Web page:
For the past three years, as I’ve watched teens and their parents arrive on the Murray State University campus for the Commonwealth Honors Academy (CHA), I have been struck by the differences between the Baby Boomers of my youth and Gen Z post-millennials. While we frittered our summers away when we were that age, these kids are aware of the world and raring to do something. They get involved and dare to be different.
The three weeks of CHA differ from the traditional high school in the approach to learning and the creation of a living-learning community where kids get to know peers from all regions of Kentucky. This year’s CHA scholars also include participants from Tennessee, Missouri, Illinois, Indiana and Alabama.
They live in a dorm, earn six credits by successfully completing two college-level classes and benefit from knowing and making friends with other enthusiastic students of high intellectual capacity. Interaction with faculty is on a first-name basis, and the adults are not only involved in teaching but also in extra-curricular activities. The days are long — starting at 8 a.m. and stretching to at least 9:30 most nights — but the environment is so stimulating, it is tough to slow down after the kids are back in the dorm.
Outstanding college men and women serve on-site as residential counselors, providing leadership, friendship, and encouragement to the rising seniors. A variety of speakers, performers, films, special events and recreational experiences offer everyone an array of stimulating activities.
There is a day of enrichment where students dig deep into the subject matter and skills in their chosen elective area. Another day of enrichment comes with a trip to St. Louis with Interdisciplinary Humanities and Fine Arts (IDHFA)faculty. This all-day extravaganza includes activities at SLAM, the St. Louis Art Museum, as well as a Shakespeare in the Park production of “Love’s Labour’s Lost.”
Teaching Interdisciplinary Humanities and Fine Arts at CHA is an instructional wonderland. The students are motivated, and the challenge of accomplishing 3 credits of intense work in three weeks is an intellectual and organizational challenge.
Surrounded by a frazzle of paper and books as I write this, I am in the midst of planning for my IDHFA course. It is like being one of Cinderella’s wicked stepsisters, determined to jam her fat foot into a tiny glass slipper. At this point I am realizing, for the third year in a row, something has to be cut out to make it fit.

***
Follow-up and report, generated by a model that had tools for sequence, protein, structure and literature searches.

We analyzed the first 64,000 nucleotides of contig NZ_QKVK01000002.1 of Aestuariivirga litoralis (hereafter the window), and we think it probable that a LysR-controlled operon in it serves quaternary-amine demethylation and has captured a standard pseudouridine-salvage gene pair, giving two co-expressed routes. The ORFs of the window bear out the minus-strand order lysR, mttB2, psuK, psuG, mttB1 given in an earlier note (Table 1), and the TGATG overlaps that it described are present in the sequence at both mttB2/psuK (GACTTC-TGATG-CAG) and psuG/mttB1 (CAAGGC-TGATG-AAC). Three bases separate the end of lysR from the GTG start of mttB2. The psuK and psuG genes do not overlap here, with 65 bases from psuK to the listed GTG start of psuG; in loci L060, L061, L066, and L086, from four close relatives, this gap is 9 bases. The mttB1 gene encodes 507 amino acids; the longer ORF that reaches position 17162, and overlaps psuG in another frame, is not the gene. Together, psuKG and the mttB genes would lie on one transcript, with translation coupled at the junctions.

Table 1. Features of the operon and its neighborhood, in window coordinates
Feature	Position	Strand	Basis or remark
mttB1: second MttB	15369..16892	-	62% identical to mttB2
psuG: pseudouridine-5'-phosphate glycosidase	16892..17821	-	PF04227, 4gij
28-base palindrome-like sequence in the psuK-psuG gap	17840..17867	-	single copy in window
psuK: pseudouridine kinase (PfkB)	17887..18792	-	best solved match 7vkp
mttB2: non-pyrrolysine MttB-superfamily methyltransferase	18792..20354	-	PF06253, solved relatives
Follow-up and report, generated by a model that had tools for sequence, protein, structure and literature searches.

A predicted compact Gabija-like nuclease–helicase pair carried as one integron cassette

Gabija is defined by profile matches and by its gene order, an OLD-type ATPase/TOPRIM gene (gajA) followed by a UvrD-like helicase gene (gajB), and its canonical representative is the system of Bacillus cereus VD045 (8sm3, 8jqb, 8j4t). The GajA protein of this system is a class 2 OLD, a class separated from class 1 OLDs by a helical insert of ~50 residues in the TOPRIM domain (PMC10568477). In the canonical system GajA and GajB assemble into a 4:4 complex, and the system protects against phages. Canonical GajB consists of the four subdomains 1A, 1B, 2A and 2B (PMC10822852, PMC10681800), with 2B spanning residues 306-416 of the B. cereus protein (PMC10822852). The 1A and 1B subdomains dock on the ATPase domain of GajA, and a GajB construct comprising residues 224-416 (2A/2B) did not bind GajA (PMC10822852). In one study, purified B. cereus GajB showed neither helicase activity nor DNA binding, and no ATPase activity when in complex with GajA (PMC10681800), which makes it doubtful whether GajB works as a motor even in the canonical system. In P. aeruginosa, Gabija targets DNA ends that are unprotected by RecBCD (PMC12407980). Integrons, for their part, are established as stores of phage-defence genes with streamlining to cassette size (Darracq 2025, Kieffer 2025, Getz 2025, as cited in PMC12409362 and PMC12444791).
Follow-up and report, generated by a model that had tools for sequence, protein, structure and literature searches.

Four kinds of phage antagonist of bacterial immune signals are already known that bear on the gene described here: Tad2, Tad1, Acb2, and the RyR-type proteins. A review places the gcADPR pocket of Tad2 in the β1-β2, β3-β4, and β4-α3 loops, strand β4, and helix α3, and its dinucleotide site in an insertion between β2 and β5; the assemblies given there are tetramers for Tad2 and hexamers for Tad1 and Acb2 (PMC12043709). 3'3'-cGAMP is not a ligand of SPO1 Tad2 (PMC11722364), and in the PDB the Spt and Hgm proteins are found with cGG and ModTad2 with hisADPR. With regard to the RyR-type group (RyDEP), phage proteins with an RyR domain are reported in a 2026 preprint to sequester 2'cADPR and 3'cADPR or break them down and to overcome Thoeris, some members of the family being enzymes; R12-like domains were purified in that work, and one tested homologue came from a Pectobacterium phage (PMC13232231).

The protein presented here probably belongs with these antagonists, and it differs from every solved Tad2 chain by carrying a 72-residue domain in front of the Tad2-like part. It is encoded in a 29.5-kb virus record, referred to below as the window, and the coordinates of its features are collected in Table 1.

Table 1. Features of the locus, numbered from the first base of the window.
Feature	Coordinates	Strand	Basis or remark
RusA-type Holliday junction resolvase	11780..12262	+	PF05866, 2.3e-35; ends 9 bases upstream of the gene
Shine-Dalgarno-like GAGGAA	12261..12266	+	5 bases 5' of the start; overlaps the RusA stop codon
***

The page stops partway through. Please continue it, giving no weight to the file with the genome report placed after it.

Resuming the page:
With this year’s CHA theme, Leave Great Footprints, my IDHFA class will start out by reading “All the Light We Cannot See,” by Anthony Doerr. Winner of the Pulitzer Prize, a New York Times Book Review Top Ten Choice, National Book Award finalist, and more than two and a half years on the New York Times bestseller, the novel tells a riveting story of occupied France during World War II.
One of the two main characters is a young French girl who, despite her blindness, becomes part of the Resistance. The other, also a teenager, is a genius in electronics and radio transmission who has been unwillingly drawn into war because it seems the only option that will keep him alive … at least for a while. Despite so many obstacles, they both manage to leave great footprints.
The setting of the book is St. Malo, France, on the Breton Coast. The medieval walled city was almost totally destroyed by Allied bombers and bombardment because of the mistaken belief that thousands of German soldiers were there. After D-Day, the Allies sought to complete the invasion of France and end the war in Europe. In August 1944, St. Malo was almost totally destroyed. Of the 865 buildings within its walls, only 182 were left standing after the siege.
We won’t spend all our time with the novel, as there are many other avenues of learning to explore. Guest speakers will talk about how people overcome and accommodate their own disabilities to leave great footprints. Research projects will uncover the identities of those who left great footprints but whose achievements are forgotten. Through the lens of visual art, poetry, architecture, and storytelling, the students will have ample opportunities to demonstrate their insights, and to share their aspirations regarding the footprints they hope to leave. I only hope I can keep up with them.
“Main Street” runs each Monday in the Murray Ledger & Times. To reach the author, email email@example.com.